Private companies and the 300/500 shareholder limits 2740
I’m referring to a never-public company, not one delisting.
I’ve seen several different thresholds claimed before Sarbanes-Oxley compliance is required:
a) More than USD10 million in assets plus 500 or more holders of any class of equity
b) 300 or more holders of all classes of equity
c) 300 or more holders of all classes of securities (including debt)
- What’s the right number?
- Do only equity holders count?
- Any class or all classes of equity?
- Should I really read (a) to mean that you could slice and dice your capital structure to get far more than 500 shareholders and still be exempt from compliance? It’s tough to raise much money in a private offering without a high investment floor, which impedes acceptance of the offering. Bifurcating your offering into different classes of shares (preferreds with differing dividends for example) to get more investors at a lower minimum investment would be very attractive.
I would advise you to search previous questions and answers in these forums. I think I have already answered this question in these forums.
The Sarbanes-Oxley Act does not have a general applicability definition that would apply to all the different sections in the SOA. Most individual sections of the SOA contain their own applicability definition and some refer to the definition of an issuer in one of the sections of the SOA. In addition, the rules of the Securities Exchange Commission (SEC) that implement the SOA may provide certain exemption, so you always need to consider the SEC’s rules in addition to the SOA.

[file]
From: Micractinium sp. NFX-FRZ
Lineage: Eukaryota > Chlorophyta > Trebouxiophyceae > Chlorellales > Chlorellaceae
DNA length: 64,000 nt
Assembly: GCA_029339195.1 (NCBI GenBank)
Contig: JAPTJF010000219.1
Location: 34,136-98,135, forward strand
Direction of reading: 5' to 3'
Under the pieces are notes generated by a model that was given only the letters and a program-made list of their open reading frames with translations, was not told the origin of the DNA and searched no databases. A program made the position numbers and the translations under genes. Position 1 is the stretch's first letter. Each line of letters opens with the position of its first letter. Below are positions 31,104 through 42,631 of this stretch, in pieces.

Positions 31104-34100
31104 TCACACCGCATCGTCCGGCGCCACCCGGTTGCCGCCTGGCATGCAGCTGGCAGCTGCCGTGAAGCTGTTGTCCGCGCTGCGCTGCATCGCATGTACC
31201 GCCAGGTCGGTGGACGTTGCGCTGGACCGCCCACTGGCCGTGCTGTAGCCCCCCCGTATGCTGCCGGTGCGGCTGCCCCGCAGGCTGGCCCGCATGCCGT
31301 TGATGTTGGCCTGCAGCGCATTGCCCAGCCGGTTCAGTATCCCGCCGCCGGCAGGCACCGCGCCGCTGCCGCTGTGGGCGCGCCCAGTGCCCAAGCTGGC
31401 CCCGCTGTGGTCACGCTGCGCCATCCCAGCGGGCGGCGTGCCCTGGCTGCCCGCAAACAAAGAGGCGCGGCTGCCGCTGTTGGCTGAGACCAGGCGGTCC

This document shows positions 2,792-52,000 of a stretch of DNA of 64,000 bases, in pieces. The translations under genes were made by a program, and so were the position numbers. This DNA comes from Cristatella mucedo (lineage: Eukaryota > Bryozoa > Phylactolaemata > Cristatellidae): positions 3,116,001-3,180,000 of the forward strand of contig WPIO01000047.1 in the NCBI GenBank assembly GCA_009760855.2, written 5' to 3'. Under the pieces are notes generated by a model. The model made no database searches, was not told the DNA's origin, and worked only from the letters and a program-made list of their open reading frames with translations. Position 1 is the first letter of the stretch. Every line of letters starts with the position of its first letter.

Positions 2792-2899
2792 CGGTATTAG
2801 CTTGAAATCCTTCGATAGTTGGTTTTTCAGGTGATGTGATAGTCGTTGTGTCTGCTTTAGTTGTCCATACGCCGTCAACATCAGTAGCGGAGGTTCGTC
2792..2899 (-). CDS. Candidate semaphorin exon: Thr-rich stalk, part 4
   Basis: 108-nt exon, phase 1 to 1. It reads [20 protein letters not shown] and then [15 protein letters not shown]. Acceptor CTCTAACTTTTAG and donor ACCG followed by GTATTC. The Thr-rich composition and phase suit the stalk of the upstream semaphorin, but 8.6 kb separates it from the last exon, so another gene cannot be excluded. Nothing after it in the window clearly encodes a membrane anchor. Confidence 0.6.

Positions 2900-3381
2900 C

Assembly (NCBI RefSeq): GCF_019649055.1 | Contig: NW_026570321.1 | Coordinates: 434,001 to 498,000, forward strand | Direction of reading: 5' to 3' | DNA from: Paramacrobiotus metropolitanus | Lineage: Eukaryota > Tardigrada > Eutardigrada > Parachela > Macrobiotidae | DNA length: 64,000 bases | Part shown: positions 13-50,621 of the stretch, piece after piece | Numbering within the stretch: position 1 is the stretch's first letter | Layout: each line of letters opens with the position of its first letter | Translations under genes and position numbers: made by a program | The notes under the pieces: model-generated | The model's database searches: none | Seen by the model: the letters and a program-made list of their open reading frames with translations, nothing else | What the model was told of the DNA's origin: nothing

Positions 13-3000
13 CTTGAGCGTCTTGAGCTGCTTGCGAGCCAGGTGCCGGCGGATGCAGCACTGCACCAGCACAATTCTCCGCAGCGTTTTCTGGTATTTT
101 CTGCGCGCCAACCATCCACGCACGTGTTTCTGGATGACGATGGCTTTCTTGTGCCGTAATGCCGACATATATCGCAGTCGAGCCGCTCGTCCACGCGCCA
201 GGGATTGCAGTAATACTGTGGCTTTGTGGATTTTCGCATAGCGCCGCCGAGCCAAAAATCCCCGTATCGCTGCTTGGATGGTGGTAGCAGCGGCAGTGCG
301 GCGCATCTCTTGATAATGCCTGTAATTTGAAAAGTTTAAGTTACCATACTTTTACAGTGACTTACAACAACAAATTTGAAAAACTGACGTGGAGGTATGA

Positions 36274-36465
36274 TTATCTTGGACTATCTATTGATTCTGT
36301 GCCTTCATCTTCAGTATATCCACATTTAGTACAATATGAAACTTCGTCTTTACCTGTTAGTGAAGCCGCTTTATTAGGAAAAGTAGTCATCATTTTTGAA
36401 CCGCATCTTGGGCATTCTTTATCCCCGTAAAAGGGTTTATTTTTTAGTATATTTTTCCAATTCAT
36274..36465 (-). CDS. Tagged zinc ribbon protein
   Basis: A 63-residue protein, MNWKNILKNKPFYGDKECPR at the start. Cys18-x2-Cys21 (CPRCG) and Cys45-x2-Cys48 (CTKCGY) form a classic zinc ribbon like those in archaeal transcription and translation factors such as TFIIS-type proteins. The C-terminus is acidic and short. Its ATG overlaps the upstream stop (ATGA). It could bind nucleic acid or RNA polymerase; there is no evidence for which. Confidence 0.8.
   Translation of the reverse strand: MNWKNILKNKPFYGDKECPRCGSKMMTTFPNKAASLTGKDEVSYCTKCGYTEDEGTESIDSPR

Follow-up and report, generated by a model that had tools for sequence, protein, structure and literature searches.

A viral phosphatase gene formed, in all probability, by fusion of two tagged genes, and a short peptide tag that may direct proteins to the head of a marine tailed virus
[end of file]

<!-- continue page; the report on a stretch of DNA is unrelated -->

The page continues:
Most of the sections of the SOA are securities law. Those sections usually apply to issuers of securities that use the public capital market of the USA in one of the three following ways:
- listing of a security (debt or equity) on a national securities exchange (e.g. NYSE, NASDAQ, AMEX, etc.) in the USA (the number of securityholders is irrelevant in this case). This triggers a registration of the security with the SEC. If you delist from the exchange no. 2 or no. 3 may still apply.
- over-the-counter trading of EQUITY securities in the USA if the issuer’s total assets in its consolidated balance sheet exceed USD 10 million and if a class of equity securities is held by five hundred or more persons. Foreign private issuers are exempted if there are less than 300 holders in the US or if their primary trading market is on a foreign securities exchange and publish certain information in English. The applicability stops if the number of holders of the security drops to less than 300 persons.
- public offering of a security (debt or equity) in the USA. The applicability stops if the number of holders of the security drops to less than 300 persons.
So the answer to your questions is:
- the number of security holders depends on the way in which the public capital market of the USA was entered and whether the issuer enters the registration requirement or is already registered and wants to to deregister or to terminate/suspend the resulting periodic reporting requirements
- in the case of a listing on a national securities exchange in the USA or of a public offerting of the securities in the USA the type of securities (debt or equity) does not matter. In the case of over-the-counter trading in the USA, only OTC trading of equity securities triggers the applicability of US securities laws including the Sarbanes-Oxley Act, but OTC trading of debt securities does not.
- see the answer to question nr. 2. The definition of equity security is included in US securities law. It also includes the right to acquire equity securites (e.g. options) or debt securities that are convertible into equity securities
- if you do not have a listing on a national securities exchange in the USA, and if you do not publicly offer the securities in the USA (i.e. no public advertising, only private placements) and if you have a primary listing on a foreign securities exchange and follow certain minimum disclosure requirements in English you do not have to register your securities with the SEC and the SOA does not apply.